Last week was one of weaving and getting ready for weekend guests. Twenty-three for a sit-down dinner on Friday, and a couple of friends from the city until Sunday. You can see up above what I’ve been working on – it’s a sample of an overshot pattern from Handwoven magazine. I’ve now worked the pattern in three different fibres for the weft – and I have enough silver and copper to make a small zip bag as well. That’s three pieces of cloth for my sample book, and enough fabric to make a small thing!
This is overshot, a weave structure I have long been fascinated with but thought would be a bit complicated to weave as it requires two shuttles. Since the whole purpose of sampling is to learn new things, I decided to start with something that really caught my eye and have really felt rewarded by my choice. While it has taken me a bit to really get in a rhythm, I am finally there and confident that if I did warp the loom to make a scarf, I’d get into the flow and be able to get it done without getting bogged down. While it’s tempting to do that, I’m going to be moving onto my next sample shortly in preparation for making a wool blanket.
The friend that was visiting this weekend brought his new partner along – a ceramicist with an interest in knitting and fibre arts. As I was showing her the studio I uncovered the big loom (which sadly, I most often use to hang other projects on). After they left I fixed some cordage on the back I’d been meaning to replace and then left it uncovered. I’ve got a warp that I chained ages ago and I’m going to put it on now to practice warping that loom since it’s been ages – and then once I’ve woven that off, I plan to weave a 36-inch wide blanket out of cotton weft and wool warp.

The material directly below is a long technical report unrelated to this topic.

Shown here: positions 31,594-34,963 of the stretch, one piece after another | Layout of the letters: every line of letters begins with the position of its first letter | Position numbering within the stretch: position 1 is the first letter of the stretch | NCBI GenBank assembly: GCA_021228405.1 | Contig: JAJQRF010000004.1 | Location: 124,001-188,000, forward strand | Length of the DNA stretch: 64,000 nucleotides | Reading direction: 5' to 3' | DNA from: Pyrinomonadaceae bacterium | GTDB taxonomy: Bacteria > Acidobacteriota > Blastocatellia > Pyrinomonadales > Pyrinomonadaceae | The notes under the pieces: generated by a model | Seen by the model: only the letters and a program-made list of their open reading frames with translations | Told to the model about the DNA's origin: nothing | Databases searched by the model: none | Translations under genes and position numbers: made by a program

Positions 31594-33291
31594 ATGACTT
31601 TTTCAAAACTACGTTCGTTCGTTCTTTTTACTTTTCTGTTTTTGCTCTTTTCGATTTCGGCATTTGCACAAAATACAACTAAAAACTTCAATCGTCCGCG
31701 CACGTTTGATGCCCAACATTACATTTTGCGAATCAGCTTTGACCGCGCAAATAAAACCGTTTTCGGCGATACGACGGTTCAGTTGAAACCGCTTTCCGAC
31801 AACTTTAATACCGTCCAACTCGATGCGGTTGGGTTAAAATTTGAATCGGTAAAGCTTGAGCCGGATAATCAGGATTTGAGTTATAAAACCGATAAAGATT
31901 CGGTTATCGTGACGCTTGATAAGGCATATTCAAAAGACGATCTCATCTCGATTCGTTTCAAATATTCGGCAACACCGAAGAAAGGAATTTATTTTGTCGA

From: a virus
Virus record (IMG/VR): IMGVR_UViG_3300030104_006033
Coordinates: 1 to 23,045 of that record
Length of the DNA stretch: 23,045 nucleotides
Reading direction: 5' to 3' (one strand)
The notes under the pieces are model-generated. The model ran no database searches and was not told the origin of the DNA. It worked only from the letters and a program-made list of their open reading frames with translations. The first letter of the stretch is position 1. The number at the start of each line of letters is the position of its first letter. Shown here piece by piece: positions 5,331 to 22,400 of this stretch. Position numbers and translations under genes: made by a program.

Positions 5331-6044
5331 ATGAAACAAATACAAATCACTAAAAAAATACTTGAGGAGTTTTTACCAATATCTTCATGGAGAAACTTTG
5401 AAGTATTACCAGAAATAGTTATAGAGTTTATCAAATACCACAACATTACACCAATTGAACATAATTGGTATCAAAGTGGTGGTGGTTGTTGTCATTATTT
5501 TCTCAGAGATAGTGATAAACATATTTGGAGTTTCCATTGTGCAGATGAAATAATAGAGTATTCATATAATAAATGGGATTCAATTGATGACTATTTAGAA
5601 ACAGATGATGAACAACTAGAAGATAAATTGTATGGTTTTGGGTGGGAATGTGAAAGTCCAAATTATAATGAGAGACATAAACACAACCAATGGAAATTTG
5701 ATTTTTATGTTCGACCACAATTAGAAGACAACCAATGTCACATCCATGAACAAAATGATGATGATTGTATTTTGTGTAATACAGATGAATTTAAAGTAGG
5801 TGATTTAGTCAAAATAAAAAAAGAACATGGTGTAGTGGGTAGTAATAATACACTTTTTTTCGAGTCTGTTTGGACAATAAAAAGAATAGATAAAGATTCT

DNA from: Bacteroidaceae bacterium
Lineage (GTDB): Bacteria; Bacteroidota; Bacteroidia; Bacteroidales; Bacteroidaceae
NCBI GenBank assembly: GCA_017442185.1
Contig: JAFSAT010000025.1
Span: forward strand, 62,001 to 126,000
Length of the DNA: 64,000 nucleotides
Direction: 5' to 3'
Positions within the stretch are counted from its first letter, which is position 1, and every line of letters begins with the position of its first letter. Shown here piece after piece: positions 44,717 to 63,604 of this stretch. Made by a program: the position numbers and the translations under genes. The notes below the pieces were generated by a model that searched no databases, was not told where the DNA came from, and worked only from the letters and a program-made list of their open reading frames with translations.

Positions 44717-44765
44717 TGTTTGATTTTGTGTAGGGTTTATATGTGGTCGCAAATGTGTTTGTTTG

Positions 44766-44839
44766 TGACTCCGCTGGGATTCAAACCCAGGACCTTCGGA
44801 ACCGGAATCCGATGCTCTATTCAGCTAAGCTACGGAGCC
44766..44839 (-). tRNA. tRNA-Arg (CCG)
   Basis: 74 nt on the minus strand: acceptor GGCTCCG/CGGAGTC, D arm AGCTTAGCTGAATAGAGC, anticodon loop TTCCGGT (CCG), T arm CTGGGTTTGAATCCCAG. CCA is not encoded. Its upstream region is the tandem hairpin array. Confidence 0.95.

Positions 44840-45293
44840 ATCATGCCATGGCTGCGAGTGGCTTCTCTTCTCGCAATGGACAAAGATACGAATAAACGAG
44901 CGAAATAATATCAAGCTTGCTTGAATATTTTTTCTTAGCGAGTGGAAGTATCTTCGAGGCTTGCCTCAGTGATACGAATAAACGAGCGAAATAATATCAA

I have a bit of a love-hate relationship with the big loom because on the one hand I sense its tremendous potential, while on the other it doesn’t have a working brake (I’m using weights instead) and I find it a bit daunting to approach due to its size. As with the rest of my sampling practice, I am going to approach this loom in a few different ways and discover how to make it work best for me. This will involve re-doing the treadle tie-up.
And speaking of treadle tie-ups, I just redid the tie-up on the Julia loom and employed the Vavstauga method and wow – that is a game-changer. Note: I did not buy their kit only because shipping to Canada the last time I checked was a tad expensive – but I would highly recommend this tie-up on any countermarch that can be fitted for it.
I’m back to being weaving obsessed – though I still have many spring sewing plans I plan to take to the machine in the next few weeks which is making me feel pressed for time to work on all the projects!